For it is Sackler, Sackler, emblazoned on our faculty
But now it looks as though they got the dough through smack-dependency.

Yes it was Sackler, Sackler long before the o.d.s came.
But now the name has come to sound like scum — it’s a bad bad name.


The authors said they were particularly struck by the fact that the number of [opioid-maker] marketing interactions with doctors — such as frequent free meals — was more strongly associated with overdose deaths than the amount spent.

“Each meal seems to be associated with more and more prescriptions,” Dr. [Scott] Hadland said.

Sackler Patriarch Responds to New York Times Article

Don’t tell me they’re too high — that’s simply not true.

If someone has to die, it’s them and not you.

Don’t bring around a cloud to rain on my charade!

‘Prescription blizzard deep and dense and so white’

This is the sort of poetry that I write.

This is the vast catastrophe that I have made!


More people killed by my little pill

Than traffic fatalities – right, sir!

More people thrilled by taking my pill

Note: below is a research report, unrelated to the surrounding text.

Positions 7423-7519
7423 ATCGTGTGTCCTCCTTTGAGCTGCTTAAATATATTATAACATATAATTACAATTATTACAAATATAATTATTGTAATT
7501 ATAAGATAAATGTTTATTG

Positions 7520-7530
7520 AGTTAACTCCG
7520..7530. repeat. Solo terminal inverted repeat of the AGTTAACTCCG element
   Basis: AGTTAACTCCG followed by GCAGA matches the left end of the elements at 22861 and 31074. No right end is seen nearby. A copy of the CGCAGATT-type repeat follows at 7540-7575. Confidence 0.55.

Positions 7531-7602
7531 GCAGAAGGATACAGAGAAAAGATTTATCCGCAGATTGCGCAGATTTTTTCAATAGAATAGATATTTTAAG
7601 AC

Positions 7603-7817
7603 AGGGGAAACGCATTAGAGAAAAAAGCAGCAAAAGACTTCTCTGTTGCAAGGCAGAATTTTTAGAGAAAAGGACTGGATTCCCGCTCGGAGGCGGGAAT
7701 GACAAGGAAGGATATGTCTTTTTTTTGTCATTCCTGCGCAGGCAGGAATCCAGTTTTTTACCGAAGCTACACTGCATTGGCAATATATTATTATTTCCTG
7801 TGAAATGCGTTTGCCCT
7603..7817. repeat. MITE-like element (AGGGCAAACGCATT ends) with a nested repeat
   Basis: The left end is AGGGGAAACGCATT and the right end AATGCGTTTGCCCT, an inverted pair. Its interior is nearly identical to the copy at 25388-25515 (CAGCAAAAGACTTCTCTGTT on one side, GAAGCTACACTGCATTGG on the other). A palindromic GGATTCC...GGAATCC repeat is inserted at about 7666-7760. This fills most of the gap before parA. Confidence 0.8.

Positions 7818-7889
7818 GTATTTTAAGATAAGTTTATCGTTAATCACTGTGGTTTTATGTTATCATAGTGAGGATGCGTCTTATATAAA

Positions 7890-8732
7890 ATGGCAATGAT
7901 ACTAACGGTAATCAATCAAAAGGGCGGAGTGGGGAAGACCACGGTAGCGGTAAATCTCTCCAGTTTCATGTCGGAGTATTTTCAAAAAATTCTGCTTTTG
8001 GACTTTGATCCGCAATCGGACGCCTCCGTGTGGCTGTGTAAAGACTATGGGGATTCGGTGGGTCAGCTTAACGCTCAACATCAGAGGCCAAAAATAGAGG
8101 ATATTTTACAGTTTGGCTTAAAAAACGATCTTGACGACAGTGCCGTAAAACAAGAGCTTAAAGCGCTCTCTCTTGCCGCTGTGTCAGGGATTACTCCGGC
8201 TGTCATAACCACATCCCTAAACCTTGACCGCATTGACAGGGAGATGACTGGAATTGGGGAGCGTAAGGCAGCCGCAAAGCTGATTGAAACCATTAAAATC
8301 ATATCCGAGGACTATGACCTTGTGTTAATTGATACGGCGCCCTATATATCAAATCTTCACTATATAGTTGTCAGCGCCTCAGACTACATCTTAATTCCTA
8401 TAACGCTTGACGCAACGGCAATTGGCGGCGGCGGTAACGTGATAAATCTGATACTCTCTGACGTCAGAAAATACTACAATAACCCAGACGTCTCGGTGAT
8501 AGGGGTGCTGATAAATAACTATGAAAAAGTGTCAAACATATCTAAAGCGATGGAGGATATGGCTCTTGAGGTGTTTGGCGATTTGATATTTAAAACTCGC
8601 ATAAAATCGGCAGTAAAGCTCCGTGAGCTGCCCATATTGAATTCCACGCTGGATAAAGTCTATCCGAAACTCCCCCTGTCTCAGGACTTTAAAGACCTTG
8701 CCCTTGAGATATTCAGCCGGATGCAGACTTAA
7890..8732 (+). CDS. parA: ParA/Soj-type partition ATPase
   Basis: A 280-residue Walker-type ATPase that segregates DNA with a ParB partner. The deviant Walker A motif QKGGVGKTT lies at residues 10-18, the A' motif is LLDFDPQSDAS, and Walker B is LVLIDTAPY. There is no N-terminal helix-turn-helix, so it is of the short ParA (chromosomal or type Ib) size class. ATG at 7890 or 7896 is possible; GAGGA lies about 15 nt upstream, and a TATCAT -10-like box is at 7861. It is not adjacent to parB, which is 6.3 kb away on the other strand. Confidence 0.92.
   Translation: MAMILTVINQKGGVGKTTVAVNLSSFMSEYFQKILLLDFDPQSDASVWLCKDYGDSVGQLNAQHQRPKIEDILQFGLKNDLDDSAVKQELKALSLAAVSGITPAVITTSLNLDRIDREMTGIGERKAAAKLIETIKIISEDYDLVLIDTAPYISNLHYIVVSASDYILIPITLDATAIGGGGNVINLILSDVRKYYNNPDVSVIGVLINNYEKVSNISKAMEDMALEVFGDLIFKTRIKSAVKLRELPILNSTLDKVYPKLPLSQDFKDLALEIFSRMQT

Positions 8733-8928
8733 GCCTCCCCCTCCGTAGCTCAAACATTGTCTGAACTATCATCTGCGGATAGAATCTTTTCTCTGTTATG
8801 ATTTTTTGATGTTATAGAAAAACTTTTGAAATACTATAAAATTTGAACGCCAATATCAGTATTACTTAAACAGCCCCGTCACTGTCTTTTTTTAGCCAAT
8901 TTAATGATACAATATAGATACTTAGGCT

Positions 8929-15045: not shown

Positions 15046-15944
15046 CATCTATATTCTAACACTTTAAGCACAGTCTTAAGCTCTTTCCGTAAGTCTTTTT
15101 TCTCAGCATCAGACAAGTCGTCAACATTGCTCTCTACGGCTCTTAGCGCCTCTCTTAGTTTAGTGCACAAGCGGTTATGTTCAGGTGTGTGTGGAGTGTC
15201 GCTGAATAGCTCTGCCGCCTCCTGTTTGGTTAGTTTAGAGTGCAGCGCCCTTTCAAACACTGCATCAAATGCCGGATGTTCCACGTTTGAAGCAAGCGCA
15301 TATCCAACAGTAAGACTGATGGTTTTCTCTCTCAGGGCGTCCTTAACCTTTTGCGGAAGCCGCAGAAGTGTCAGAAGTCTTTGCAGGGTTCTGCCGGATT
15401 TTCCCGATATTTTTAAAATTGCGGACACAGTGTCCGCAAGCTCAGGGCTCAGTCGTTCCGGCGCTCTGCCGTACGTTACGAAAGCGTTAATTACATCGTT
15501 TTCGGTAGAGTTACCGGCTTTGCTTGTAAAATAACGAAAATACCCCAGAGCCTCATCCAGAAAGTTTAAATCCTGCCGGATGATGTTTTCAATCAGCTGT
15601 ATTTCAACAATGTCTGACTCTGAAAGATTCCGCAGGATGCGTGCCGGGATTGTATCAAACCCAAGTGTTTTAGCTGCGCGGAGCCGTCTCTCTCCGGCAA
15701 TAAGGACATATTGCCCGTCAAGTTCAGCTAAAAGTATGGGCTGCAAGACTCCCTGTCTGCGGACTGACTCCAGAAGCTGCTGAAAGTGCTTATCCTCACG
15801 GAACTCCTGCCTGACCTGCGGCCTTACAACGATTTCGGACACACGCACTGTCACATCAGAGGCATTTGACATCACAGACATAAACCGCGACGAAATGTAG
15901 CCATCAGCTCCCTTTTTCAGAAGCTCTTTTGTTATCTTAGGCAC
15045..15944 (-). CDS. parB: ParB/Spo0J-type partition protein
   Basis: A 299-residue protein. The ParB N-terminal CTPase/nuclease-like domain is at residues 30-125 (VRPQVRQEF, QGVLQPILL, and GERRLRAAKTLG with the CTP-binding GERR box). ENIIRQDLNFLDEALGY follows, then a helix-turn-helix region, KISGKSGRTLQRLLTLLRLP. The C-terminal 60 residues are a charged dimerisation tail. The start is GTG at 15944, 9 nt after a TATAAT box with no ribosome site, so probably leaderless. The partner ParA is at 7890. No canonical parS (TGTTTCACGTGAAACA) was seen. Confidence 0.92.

Before they all say goodnight, sir!

Med schools across the nation bear our great name

Philanthropy removes all sense of shame

As we distribute heroin — the highest grade!


The affidavit filed with the charges described many of Pham’s text messages, indicating in one case that he was having a sexual relationship with a patient. He was prescribing drugs to that woman and also to her 9-year-old daughter, according to the document by DEA Special Agent Lindsey Bellomy.

“This is the first time in Massachusetts that a doctor has been charged with manslaughter for overprescribing opioids.”

But it’s certainly not the first time in a lot of other states; more and more doctors are doing jail time for killing their patients.  

When first I came to…